I am an assistant professor at Chadron State College in northwest Nebraska where I teach writing and American literature. I received my PhD from Ohio University and my MFA from the University of Idaho. Despite another disappointing season, I am also a diehard Boston Red Sox fan.
In the ending of my brother’s life,
which is not the real ending of my brother’s life,
there will not be abandoned train tracks,
his shoulders fitted as if in a casket
between the rails.
The city of his murder—its sidewalks
of trash and second-hand stores—
will no longer be the place
where, at twenty-one, my brother wanders
beyond street lamps for a dime bag of dope
only to be assaulted by the purple force
of a tire iron.
In another city—the only one I can imagine
if he had lived—waits the arthritis
which will, for these few moments,
haunt my brother’s knees
at sixty. It’s a cold city where wind
travels hard through the streets and his lungs
struggle from nicotine ache.
Above a twenty-four hour
dry cleaner is a small apartment
where my brother, pepper-grey moustache,
watches television, his cigarette smoke
with each slow year
paints the ceiling yellow.
Evening after evening he wanders
this city—past a parking lot half-filled
with rusted cars, a motel whose few tenants
shoot heroin behind locked doors.
Here it is always December,
my brother one of several
grim men walking the sidewalk.
And because he has no money
and the drunks at the bar
seldom remember his name, my brother,
lost in a storm of thoughts,
dials my house at a blurry hour
on one of those curbside payphones
that has survived
well beyond its real end.
Tired, I will not consider
how good it is to hear his voice
or how fortunate I am
he wants to joke about the Red Sox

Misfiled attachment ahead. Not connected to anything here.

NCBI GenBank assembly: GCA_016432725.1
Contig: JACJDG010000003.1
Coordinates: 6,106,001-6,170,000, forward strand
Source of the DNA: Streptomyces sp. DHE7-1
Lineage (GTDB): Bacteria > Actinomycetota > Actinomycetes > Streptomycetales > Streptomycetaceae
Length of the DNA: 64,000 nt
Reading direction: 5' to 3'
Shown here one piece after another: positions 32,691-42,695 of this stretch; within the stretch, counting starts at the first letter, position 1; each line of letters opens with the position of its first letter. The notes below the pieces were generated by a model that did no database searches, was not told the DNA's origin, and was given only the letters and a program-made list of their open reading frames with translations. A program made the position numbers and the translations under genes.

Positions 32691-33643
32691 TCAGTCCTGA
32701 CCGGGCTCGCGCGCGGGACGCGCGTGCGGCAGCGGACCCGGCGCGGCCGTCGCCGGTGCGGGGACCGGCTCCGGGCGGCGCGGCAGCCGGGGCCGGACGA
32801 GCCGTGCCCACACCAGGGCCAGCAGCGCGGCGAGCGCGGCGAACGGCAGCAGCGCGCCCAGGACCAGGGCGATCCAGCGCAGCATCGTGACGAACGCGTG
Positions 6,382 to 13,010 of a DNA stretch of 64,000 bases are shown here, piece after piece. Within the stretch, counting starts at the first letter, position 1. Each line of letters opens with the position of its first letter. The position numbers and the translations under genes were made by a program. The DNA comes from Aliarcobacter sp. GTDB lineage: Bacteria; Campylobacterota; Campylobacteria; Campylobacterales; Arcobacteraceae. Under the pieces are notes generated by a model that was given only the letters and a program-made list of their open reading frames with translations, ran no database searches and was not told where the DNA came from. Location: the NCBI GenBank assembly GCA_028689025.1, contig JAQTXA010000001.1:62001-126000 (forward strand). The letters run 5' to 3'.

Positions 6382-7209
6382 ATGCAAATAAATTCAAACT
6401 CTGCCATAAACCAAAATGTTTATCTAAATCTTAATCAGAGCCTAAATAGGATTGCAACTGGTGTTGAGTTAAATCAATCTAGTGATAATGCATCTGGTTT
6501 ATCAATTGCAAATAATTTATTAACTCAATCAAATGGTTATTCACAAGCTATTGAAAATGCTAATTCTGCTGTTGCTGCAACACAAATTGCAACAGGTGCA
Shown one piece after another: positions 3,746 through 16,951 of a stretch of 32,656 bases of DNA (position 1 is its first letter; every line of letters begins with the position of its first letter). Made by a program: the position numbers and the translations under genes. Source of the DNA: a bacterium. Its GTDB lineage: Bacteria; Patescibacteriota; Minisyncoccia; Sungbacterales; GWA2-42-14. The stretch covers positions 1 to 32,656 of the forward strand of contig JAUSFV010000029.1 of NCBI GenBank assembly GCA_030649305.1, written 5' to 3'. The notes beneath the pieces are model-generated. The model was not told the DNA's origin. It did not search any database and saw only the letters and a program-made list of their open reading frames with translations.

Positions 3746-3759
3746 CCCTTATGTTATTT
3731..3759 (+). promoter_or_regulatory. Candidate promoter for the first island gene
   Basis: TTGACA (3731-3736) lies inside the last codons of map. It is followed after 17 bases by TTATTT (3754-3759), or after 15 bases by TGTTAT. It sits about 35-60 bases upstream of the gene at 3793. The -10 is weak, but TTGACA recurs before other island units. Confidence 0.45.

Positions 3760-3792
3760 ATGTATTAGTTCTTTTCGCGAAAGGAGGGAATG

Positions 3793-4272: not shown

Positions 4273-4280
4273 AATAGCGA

last place finish—his fingers grasping
the metal cord tight—but will only
feel bothered, pulled once again
from my welcomed sleep
by the burden of his needs.
I watched each Thursday night, 9:30,
on the twenty-five pound television I rescued from the basement
when I was twelve, its twisted rabbit ears barely capable
of capturing the distant signal of Doogie Howser, M.D.
This was the half-hour I sealed myself in my bedroom
away from my mother sitting at the kitchen table
blankly staring at the unwashed floor.
Doogie's parents—Katherine and David—might have quarreled
with Doogie over his purchasing a '57 Chevy convertible,
but in the end problems dissolved—
of course Doogie would return the very-red convertible
and make instead a thoughtful donation
to the Lackmore Institute for childhood leukemia research.
And then there was Doogie's genius:
perfect SAT score at six, Princeton graduate at ten,
licensed physician by the age of fourteen.
Not that I identified with Doogie—who could?
But in each episode there was Vinnie Delpino,
Doogie's best friend, who—like me—struggled
to distinguish himself; his father too was distant
as the icy blue sky. And even if Vinnie's mother wasn't lost
in a black fog depression, both of us wanted to be included
in the annual Howser family camping getaway.
When Vinnie entered Doogie's house I sensed his relief
at the living room's cleanliness: no lopsided pile
of newspapers, months old, by the broken lamp,
no dinner-plate size wine stain on the dirty couch.
And then there were those invented episodes
of me taking Vinnie's place. Afternoon upon afternoon
I walked from school imagining I was headed
toward the safety net of Doogie's house.
Me—his welcomed best friend—listening to Doogie
recount how his gifted mind solved
each problem at Eastman Medical Center.
Even though Doogie had no interest in sports,
his father would still be my basketball coach—
he'd be the one to insist
I had the best ball-handling skills on the team.
It didn't matter if my own father, drunk,
walked angrily past my room. The door was locked
and once again I had successfully contorted
the television's rabbit ears to produce
an only slightly-blurry signal. Hours after the episode ended
it was Doogie's mother I heard
carrying the Howser family laundry down our hallway.
It was her dress that brushed against my door.
©2015 Steve Coughlin